Social distancing almost impossible in temporary accommodation, says Shelter
The Government needs to provide emergency support for families living in shared temporary accommodation, where it can be “almost impossible” to follow NHS isolation guidance, homelessness charity Shelter has said.
Last week, Local Government Secretary Robert Jenrick claimed 90% of rough sleepers have been offered a place to live during the coronavirus crisis, but Shelter says more needs to be done for those not on the streets.
“The Government has acted swiftly in recent weeks with strong emergency measures and funding to help people sleeping rough during the coronavirus pandemic, but homeless families in shared and one-room temporary accommodation are still waiting for the same kind of emergency support,” said Polly Neate, chief executive of Shelter.
“The trauma of homelessness is only being magnified by Coronavirus. For the thousands of families with children currently stuck in cramped emergency B&Bs and hostels, it can be almost impossible to follow NHS isolation guidance.
“These families are sharing kitchens and bathrooms with strangers, living in a single room or even sharing a bed – causing fear and anxiety levels to skyrocket for many.”
The mayor of Greater Manchester, Andy Burnham, said this week that 344 people in his area had been recorded as newly homeless and requiring accommodation since the coronavirus lockdown began.
Shelter’s call comes as another charity, Homeless Friendly, described the Government’s work to help rough sleepers during the coronavirus outbreak as “inadequate” and raised concerns over healthcare access.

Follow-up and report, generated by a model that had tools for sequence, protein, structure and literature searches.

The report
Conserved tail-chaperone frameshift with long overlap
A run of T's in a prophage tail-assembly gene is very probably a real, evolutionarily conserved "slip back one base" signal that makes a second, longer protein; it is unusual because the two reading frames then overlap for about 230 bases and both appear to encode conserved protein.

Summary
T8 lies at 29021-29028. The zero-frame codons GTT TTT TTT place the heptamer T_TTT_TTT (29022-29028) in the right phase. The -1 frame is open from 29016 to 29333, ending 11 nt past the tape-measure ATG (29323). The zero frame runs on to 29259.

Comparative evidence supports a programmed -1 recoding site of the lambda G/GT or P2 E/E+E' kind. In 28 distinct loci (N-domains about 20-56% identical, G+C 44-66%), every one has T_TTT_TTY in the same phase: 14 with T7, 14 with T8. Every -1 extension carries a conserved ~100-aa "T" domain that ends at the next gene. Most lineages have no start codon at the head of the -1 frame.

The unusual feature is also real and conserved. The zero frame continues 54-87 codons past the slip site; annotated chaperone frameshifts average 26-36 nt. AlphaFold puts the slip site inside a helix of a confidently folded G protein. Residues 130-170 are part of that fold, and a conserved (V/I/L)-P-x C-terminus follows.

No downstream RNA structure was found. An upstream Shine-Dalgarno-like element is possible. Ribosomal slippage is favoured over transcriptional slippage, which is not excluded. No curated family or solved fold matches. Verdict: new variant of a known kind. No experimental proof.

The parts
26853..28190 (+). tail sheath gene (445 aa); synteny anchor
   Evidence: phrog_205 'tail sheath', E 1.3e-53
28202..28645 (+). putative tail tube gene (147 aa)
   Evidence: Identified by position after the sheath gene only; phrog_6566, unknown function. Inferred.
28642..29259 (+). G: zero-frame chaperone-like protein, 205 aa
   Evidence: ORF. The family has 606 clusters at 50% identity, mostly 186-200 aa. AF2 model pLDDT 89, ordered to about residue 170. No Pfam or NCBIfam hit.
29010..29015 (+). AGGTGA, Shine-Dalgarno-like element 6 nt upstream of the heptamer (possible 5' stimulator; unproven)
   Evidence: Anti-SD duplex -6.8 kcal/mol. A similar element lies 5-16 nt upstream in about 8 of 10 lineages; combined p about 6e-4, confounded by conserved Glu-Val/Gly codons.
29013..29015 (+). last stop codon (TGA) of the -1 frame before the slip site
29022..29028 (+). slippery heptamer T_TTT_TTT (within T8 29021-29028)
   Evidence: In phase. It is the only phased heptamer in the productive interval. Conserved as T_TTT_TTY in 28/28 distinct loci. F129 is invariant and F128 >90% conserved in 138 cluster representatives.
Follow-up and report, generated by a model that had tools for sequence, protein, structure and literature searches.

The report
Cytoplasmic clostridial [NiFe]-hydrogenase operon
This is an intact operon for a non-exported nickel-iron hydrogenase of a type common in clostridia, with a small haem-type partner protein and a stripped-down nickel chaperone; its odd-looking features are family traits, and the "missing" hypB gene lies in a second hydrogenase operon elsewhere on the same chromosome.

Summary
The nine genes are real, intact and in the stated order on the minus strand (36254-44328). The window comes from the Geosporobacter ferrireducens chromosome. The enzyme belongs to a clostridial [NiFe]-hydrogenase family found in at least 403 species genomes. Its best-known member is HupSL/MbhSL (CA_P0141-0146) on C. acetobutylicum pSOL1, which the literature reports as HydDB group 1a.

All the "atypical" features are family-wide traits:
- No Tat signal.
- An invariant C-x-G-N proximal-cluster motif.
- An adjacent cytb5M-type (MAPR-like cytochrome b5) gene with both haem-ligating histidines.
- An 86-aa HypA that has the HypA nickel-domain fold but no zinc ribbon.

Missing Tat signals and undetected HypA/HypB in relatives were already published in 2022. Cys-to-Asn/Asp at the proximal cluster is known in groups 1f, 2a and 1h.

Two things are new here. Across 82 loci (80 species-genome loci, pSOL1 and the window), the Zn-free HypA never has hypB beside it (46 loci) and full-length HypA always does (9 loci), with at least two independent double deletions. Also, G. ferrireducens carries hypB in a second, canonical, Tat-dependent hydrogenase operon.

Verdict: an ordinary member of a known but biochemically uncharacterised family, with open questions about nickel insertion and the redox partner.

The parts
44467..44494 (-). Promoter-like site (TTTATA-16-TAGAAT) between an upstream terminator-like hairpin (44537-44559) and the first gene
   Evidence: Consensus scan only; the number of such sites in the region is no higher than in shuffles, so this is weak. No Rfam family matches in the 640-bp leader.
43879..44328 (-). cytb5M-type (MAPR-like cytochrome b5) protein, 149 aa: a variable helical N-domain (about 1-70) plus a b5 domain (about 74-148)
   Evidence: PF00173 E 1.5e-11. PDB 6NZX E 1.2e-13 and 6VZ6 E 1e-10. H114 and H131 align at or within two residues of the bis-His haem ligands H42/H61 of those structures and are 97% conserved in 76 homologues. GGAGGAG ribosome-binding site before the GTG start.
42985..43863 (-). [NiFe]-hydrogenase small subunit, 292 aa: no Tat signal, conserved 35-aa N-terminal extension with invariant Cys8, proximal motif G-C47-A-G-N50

Dr Zahid Chauhan, founder of Manchester-based charity Homeless Friendly, wrote to Prime Minister Boris Johnson on March 11 warning that rough sleepers’ living conditions could be the “perfect breeding ground for viruses to spread” and calling for special measures. He said he had received no response.
“I tried to make a reasonable case of saying it’s not only to protect these people who are already marginalised … but also it makes economic sense because you don’t want these people to spread the infection,” Dr Chauhan told the PA news agency.
The GP and Labour councillor’s charity focuses on encouraging GPs to allow rough sleepers into their clinics, for which he received an OBE last year.
In England, those seeking medical advice about suspected coronavirus are asked not to attend a GP practice, pharmacy or hospital and to utilise online resources or call 111, but Dr Chauhan says “most” rough sleepers do not have a phone or access to the internet.
“How are they accessing their health care facilities? This is a big unknown,” said Dr Chauhan.
“We know from speaking to people that they are struggling.
“I have to drive around because I’m a GP and I’m on call and I still see people on the street corners. I speak to them and ask them to contact services, but they say they can’t.”
PA has contacted the Local Government Association and the Department for Health and Social Care on these homelessness issues, but has not yet received a response.